Hiring a tax attorney is an important decision. You want an experienced attorney who has the skills necessary to answer your specific questions as well as a trustworthy individual who can help you manage critical tax decisions. Before hiring a tax attorney, make sure you ask these critical questions.
1. Do You Have Experience With [The Type of Tax Challenges You Have]?
Many times, when you hire a tax attorney, you have a specific challenge or question. You might have misfiled your taxes in years past, leaving you dealing with the IRS in the present, or you might have questions about managing taxes as a freelancer or small business owner. Whatever challenges you’re facing, you want to work with a tax attorney who has specific experience in that area.
2. How Do You Charge?
Some tax attorneys charge flat fees for specific services. Others will bill on an hourly rate, especially if you pose a unique challenge or require a service that can take a variable amount of time depending on complexity. Regardless of how your tax attorney chooses to bill for services, however, you want a clear breakdown of those prices and an estimate of what it will cost before you move forward. If you cannot get a clear answer about how much those services will cost, it could be a red flag.
3. Who Will Actually Be Performing My Services?
Many attorneys have numerous people in the office, including licensed attorneys, CPAs, and EAs. Those offices may delegate a large percentage of the duties performed for each client. When you work with a large office, they may be more likely to delegate the tasks directly related to your tax needs to someone other than an attorney. In many cases, the attorney who actually works on your case may also be different from the attorney or individual that you speak with during a consultation.
While it may be fine for someone other than one of the licensed attorneys to handle your case, you should understand up front who will be handling your information. You should also expect to pay accordingly: you shouldn’t, for example, pay the price for a lawyer’s time when an enrolled agent will be handling your claim instead.
You will also find that smaller offices have a lower likelihood of delegating tasks, and that you’re more likely to be able to work directly with an attorney that you trust. Carefully consider who, specifically, will be handling your case before moving forward.
4. Where Are You Licensed to Practice?
If you face a federal tax challenge, you need an attorney licensed to practice in federal court. On the other hand, if you’re dealing with a problem with your federal taxes, you may face similar issues with your state taxes, too. In that case, you will need an attorney licensed to practice in the state where you will go to court. Ideally, you want the same firm to handle both federal and local tax cases, since they will already be familiar with your problem and your case. Before hiring a tax attorney, make sure that attorney is licensed to practice in your state.
Always be wary of a tax attorney who dodges questions about licensing or who claims to have a license “pending” in a specific state. If you cannot look up that license information and ensure that your attorney is certified, you cannot guarantee that you are working with a genuine attorney, not just someone who has tried to add to your problems through a scam.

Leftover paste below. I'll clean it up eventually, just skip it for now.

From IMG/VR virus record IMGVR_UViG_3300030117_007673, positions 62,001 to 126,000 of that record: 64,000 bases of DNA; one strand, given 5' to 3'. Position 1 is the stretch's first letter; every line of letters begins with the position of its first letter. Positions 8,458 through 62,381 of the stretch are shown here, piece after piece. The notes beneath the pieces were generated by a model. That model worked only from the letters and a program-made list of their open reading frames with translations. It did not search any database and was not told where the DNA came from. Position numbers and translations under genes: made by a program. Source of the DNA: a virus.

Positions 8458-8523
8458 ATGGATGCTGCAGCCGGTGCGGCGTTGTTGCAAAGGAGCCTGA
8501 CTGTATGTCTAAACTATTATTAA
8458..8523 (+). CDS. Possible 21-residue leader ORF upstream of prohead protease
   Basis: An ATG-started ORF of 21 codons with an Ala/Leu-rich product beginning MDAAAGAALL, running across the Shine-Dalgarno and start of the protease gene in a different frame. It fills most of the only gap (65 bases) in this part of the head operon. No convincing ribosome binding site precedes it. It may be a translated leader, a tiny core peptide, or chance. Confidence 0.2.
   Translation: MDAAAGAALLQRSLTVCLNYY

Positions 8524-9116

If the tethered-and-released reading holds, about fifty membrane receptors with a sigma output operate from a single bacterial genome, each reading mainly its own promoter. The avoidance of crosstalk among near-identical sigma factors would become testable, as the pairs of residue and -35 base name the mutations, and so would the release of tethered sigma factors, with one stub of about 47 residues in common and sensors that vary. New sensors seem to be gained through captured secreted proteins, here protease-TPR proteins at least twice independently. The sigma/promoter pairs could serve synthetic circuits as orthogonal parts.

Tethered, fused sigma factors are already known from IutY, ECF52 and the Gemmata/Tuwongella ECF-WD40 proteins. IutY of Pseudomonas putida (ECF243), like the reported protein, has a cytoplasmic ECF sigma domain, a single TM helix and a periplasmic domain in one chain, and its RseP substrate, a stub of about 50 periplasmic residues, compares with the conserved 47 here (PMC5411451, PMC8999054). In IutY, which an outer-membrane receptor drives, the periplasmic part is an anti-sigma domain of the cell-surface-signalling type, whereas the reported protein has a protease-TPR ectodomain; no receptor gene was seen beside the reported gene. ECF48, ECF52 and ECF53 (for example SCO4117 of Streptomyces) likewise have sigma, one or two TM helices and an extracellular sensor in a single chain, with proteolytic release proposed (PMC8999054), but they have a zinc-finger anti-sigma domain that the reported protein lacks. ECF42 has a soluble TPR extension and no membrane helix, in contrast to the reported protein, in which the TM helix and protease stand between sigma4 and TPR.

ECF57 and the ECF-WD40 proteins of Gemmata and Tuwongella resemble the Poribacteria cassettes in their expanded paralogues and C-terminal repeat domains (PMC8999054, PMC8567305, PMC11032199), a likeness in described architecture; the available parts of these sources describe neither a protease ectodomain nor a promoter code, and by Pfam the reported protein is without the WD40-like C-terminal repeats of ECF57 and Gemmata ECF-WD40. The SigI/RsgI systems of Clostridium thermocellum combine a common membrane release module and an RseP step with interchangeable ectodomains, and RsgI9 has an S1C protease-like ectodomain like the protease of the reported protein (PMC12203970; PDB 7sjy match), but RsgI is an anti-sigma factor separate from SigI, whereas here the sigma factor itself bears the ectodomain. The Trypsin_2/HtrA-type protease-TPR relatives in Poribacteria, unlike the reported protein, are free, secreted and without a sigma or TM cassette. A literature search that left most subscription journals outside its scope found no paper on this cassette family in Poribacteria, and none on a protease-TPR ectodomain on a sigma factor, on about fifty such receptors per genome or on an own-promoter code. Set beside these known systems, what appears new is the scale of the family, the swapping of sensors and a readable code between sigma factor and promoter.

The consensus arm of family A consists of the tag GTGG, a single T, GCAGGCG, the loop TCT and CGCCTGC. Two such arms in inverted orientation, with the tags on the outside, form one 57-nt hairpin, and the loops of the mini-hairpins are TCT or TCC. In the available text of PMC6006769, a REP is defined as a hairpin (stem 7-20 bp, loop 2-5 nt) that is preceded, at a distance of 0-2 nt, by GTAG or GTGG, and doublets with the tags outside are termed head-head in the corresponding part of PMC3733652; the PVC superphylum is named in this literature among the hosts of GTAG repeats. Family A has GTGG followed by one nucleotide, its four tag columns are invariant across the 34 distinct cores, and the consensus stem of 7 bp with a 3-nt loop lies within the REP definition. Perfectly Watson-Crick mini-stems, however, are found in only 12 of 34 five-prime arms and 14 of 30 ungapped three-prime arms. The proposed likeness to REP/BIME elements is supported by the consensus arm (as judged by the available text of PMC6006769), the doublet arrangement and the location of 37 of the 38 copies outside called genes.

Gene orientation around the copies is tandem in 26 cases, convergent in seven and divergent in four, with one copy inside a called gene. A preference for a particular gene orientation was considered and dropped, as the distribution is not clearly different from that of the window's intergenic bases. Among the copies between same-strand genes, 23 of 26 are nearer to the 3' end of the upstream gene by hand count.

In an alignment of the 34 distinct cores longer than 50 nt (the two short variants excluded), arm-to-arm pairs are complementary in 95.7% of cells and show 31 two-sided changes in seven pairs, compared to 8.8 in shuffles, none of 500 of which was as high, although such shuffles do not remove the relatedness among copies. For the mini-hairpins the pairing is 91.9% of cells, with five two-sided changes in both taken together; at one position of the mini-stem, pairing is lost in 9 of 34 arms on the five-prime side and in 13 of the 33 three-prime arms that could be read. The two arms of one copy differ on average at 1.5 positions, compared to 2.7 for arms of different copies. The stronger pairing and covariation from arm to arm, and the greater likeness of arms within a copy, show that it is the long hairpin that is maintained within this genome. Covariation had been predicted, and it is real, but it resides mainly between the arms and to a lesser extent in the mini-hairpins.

5. How Long Have You Been in Business?
Just like knowing how much experience your tax attorney has with your specific question or concern can help you decide on an attorney, so can knowing how long an attorney has been practicing. When it comes to tax law, experience can make a huge difference in the amount you will ultimately owe or the consequences you will face for tax-related crimes, including tax evasion. Carefully consider how long the attorney has been in business, including how long the firm has been open. If a firm has only recently opened, or an attorney has bounced around a lot between firms, it should catch your attention and make you wary of working with that law firm.
6. How Will You Communicate With Me About My Case?
Tax cases can cause you a lot of stress. You may want to check in with your attorney regularly, including receiving regular reports about the progression of your case. Ask questions about the attorney’s communication strategy. Consider:
Do You Prefer Telephone or Written Communication?
While it can be comforting to hear your attorney’s voice on the other end of the line–not to mention giving you an important chance to ask questions and get valuable insights–you may find that you prefer email communication or that a text will convey basic information. Knowing how your attorney prefers to communicate will allow you to consider whether the attorney fills those needs.
How Often Do You Expect Your Attorney to Check-In?
Some attorneys will check in with their clients regularly, keeping them informed about everything going on regardless of whether there has been progression on the case. Others will only check-in when they have something to report. Carefully consider what you expect in terms of communication and how often the attorney will check in with you.
What Should You Do When You Want to Ask Your Attorney a Question?
How can you get in touch with the attorney handling your case? Ideally, you want an open line of communication that will allow you to check-in when needed. You may also want an attorney who will get back to you within a certain time frame. Carefully consider whether the attorney’s communication style, including your ability to get in touch with them, fits your needs.
Are you looking for an experienced tax attorney to help with your tax-related problem? Contact Silver Tax Group today to learn more about how we can help.